PCS Phosphate awaits corps’ environmental study
Officials confident decision will come in ‘adequate time frame’
By DAN PARSONS
March has come and gone, and the environmental study PCS Phosphate needs to obtain a permit to expand its Aurora mine has yet to be published.
That document, prepared by the Army Corps of Engineers, was expected to be released sometime at the end of March, according to corps officials handling the project.
PCS Phosphate representatives met with corps officers March 20 to discuss the progress of the environmental impact study being finalized by the corps. The meeting included Tom Regan, president of PCS Phosphate, and Col. John Pulliam, commander of the corps’ Wilmington regional office.
Based on that meeting, Ross Smith, director of environmental affairs for PCS Phosphate, said he was confident the corps would release the study within an “adequate time frame” that would allow the company to transition its mining operations smoothly to new areas.
Walker and other corps officers had indicated the draft environmental impact statement would be completed by the end of March. Walker also indicated the final decision on where PCS Phosphate will be allowed to mine is expected sometime in May. Walker could not be reached for comment Tuesday.
Meeting with Sen. Richard Burr in February, Smith told North Carolina’s junior senator that any delays in the permitting process could spell financial troubles for PCS Phosphate, Beaufort County’s largest employer.
PCS Phosphate is also the biggest user of the state port facilities at Morehead City. Based on a study conducted by East Carolina University, PCS Phosphate has an annual payroll of $64 million and a regional economic impact of $800 million.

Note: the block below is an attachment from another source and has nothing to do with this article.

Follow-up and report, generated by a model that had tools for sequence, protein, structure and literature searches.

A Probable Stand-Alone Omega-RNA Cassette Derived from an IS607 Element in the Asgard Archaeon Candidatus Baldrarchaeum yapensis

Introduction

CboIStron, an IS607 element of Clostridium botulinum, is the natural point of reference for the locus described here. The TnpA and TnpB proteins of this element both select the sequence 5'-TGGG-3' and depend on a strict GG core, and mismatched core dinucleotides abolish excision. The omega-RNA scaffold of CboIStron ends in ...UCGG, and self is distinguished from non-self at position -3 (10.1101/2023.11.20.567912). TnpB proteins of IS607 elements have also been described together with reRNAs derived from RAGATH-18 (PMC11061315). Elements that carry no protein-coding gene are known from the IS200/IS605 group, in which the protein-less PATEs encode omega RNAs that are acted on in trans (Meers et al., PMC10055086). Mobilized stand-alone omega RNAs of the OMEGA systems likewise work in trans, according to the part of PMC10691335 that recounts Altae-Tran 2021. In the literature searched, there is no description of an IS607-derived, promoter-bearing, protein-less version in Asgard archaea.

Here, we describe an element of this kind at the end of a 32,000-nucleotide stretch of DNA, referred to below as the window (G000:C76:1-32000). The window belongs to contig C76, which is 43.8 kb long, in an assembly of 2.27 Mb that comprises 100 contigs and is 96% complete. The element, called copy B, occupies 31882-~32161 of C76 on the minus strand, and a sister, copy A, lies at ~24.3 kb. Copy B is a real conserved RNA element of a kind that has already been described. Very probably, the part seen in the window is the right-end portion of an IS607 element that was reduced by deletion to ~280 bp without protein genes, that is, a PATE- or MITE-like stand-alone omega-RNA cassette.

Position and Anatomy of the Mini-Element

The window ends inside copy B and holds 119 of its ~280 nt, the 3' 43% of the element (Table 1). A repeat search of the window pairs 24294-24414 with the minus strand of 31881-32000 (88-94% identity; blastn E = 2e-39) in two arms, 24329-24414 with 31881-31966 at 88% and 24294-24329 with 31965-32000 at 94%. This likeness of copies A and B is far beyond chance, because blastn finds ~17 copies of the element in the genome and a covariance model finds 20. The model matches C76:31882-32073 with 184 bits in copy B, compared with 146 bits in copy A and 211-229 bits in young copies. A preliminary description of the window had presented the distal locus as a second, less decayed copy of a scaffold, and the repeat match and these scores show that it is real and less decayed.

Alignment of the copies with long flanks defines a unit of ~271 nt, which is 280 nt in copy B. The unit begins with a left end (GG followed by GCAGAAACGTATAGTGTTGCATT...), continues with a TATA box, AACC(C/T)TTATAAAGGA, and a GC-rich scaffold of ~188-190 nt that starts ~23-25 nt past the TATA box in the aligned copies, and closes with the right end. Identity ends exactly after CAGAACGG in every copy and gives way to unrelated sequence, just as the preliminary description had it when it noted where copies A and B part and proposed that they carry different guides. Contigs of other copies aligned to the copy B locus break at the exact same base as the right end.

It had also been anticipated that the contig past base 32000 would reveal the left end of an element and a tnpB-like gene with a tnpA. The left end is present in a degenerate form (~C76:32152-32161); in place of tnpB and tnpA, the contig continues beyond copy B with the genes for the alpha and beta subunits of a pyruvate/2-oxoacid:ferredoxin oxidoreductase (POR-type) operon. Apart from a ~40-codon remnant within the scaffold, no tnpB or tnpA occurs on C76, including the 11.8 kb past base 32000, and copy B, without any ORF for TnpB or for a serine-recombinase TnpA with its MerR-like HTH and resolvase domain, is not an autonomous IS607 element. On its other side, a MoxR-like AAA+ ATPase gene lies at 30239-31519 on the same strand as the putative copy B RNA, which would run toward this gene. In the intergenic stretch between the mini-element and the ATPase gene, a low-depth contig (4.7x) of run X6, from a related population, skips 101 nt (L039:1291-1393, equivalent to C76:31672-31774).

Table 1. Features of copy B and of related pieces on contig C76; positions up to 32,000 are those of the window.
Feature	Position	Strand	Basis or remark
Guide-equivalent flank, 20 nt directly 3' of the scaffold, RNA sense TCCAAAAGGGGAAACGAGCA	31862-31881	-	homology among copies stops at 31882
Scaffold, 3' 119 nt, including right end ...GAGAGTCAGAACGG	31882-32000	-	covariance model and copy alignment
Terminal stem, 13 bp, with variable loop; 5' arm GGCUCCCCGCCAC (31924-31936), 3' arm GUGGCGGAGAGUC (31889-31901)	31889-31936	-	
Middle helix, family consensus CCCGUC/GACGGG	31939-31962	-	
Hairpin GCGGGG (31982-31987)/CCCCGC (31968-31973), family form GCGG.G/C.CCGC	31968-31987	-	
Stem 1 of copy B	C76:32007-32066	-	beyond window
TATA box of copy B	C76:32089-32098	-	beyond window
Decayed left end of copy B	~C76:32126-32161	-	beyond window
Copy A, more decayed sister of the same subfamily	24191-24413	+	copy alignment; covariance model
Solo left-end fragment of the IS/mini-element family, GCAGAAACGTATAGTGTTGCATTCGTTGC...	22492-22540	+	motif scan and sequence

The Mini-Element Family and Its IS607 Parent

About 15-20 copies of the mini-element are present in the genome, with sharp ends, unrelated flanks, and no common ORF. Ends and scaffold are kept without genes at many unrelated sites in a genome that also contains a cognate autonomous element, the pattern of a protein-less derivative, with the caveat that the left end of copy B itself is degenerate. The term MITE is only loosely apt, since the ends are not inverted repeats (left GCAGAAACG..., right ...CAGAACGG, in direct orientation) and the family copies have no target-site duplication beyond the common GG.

The environmental study in question deals with two alternative footprints on three tracts adjacent to the present mine, dubbed alternatives “L’ and “M.”
Alternative “L” follows a boundary on land directly east of the existing mine, where company officials contend the phosphate deposits are richest, but that alternative has less acreage for mining than the company wants. Both alternatives also include mining permits for an area south of N.C. Highway 33 and an area southwest of the mine. Alternative “M” would allow the company to mine larger areas on each of the three tracts, but those mining areas are smaller than the overall acreage the company wants to mine.
PCS Phosphate has maintained that alternate “L” is not cost-effective because of its restrictive boundaries that zig-zag around creeks and headwaters adjacent to South Creek.
According to Smith and the corps’ latest study, neither of the new alternatives will affect land protected under the Coastal Area Management Act.